Next it's time to bind the armscye.  However, the problem with this approach is that it adds bulk, and since I had just added an extra layer when I put the supports in it was already starting to get a bit tight under the arm.
So the only thing for it was to trim back some layers. The obvious choice in this case was the hemp/cotton interlining (since that was by far the thickest layer), so that was snipped away as close to the seam as possible.


I also decided to trim down the lining for good measure.
Next it's time to bind the edges.  First I cut two strips of linen bias tape (each 1.5" wide) from the same linen as the lining and stitched it down on the inside of the sleeve using a running stitch with a backstitch added every 3-4 stitches for strength.


Then the fabric is turned over and stitched to the body side using a fell/hem stitch.


Also, I'm careful to offset the side seam and the tape seam...again, to reduce bulk under the arm.


Ta-Da! A nice, neat, arsmcye!


Now I'll pull the sleeve inside-out to see if you can get a feel for how the support structure fits into all of this nonsense...




And as you may have noticed I also doubled the number of hooks and eyes along the font, as well as adding an extra hook just below the bodice point.


I was hoping to reduce some slight gapping in the front (which it does to some extent) but I think some key hooks are just offset enough that the only real way to fix it is to take them all out and start from scratch (or use hook and eye tape...we'll see how lazy I'm feeling if/when the time comes).

But that's it!  The gown is now officially complete!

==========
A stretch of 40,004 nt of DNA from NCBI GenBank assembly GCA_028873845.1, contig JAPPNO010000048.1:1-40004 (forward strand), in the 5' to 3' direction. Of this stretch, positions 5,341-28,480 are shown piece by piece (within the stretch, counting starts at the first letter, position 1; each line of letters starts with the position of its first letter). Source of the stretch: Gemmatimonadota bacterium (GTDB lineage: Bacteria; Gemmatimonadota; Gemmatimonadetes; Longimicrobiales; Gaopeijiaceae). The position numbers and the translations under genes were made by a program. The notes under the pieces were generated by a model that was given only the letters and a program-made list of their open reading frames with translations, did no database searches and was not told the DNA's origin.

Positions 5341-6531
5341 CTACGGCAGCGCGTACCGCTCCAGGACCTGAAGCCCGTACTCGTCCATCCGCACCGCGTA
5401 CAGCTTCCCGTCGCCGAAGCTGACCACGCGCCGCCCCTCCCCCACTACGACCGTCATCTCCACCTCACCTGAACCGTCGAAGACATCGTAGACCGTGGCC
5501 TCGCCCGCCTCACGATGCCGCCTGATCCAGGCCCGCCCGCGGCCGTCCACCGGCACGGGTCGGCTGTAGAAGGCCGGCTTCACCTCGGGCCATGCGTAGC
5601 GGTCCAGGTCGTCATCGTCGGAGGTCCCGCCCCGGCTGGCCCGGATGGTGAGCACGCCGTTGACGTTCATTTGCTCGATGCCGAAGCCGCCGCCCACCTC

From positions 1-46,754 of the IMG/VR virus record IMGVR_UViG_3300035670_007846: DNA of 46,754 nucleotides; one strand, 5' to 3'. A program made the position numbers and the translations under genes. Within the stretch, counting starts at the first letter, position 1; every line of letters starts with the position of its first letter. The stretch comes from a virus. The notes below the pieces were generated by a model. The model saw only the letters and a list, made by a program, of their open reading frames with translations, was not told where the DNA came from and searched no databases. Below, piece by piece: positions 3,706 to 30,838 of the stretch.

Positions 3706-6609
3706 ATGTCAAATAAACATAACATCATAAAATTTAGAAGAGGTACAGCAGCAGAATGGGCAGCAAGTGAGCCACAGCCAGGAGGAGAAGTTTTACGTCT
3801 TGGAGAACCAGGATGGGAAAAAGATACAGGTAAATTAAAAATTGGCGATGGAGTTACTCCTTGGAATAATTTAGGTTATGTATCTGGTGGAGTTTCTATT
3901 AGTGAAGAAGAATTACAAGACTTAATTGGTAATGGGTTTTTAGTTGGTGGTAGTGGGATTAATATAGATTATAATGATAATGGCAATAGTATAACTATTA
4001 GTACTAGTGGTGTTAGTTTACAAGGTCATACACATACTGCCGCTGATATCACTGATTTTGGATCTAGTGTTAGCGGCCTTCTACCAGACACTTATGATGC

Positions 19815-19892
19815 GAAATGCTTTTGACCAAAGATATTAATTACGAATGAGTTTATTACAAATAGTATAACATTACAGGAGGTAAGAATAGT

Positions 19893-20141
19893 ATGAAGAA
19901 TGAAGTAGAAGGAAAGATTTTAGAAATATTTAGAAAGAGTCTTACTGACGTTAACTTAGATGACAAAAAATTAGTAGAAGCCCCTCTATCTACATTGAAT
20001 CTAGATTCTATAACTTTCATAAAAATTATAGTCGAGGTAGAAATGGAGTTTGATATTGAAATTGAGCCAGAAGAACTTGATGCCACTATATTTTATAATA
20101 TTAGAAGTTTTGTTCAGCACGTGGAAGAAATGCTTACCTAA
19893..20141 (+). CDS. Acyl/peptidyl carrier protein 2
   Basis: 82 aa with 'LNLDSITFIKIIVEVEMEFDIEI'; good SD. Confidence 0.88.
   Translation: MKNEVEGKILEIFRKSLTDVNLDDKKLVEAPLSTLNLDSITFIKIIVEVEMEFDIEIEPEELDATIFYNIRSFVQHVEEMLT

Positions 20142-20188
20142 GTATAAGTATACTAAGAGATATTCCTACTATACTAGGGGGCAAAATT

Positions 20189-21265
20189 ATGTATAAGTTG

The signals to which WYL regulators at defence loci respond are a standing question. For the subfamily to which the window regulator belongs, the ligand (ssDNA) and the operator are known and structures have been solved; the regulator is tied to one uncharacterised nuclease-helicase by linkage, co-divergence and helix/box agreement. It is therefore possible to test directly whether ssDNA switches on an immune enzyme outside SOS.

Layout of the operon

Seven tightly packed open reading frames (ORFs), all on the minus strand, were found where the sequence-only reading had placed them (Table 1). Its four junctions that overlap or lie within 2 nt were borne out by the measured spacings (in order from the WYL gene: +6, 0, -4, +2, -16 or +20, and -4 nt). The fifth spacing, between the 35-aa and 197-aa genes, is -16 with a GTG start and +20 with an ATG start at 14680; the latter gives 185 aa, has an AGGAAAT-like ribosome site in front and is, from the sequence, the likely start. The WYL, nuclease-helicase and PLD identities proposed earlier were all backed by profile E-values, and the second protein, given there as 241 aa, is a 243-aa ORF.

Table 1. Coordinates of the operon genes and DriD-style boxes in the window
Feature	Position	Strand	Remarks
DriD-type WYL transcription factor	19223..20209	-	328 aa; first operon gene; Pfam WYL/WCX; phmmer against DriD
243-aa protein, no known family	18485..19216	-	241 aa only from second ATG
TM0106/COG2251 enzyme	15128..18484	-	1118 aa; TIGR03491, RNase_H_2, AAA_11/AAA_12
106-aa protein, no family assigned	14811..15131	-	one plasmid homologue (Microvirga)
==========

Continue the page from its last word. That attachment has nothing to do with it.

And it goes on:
Now it's time to start on the accessories for the de Heere outfit...

In addition to the gown I basically only need four things: A red petticoat or kirtle (with black guards), cream sleeves, a black apron, and a black Huik.

Let's start with the red kirtle...or in this case, petticoat bodies.  
Now, it's my understanding that petticoat bodies are a very basic foundation layer and differ from a kirtle insofar that they would not be worn alone (whereas a kirtle may be worn with sleeves...though I could be wrong on this point. The terms may be interchangeable at different times in the period).  
Typically the bodice would be canvas, buckram, or heavy linen which provides the support for subsequent layers. The petticoat is wool, usually red.

Having said that, my bodice will also be made of wool.  
It probably shouldn't be, but I needed to tweak my kirtle pattern and wanted to see how the bodice behaved in wool since that is what I will be using later.  A feeble excuse I know...surely the gods of Historical Accuracy will smite me at some point in the future. Franky, it's a wonder they haven't already.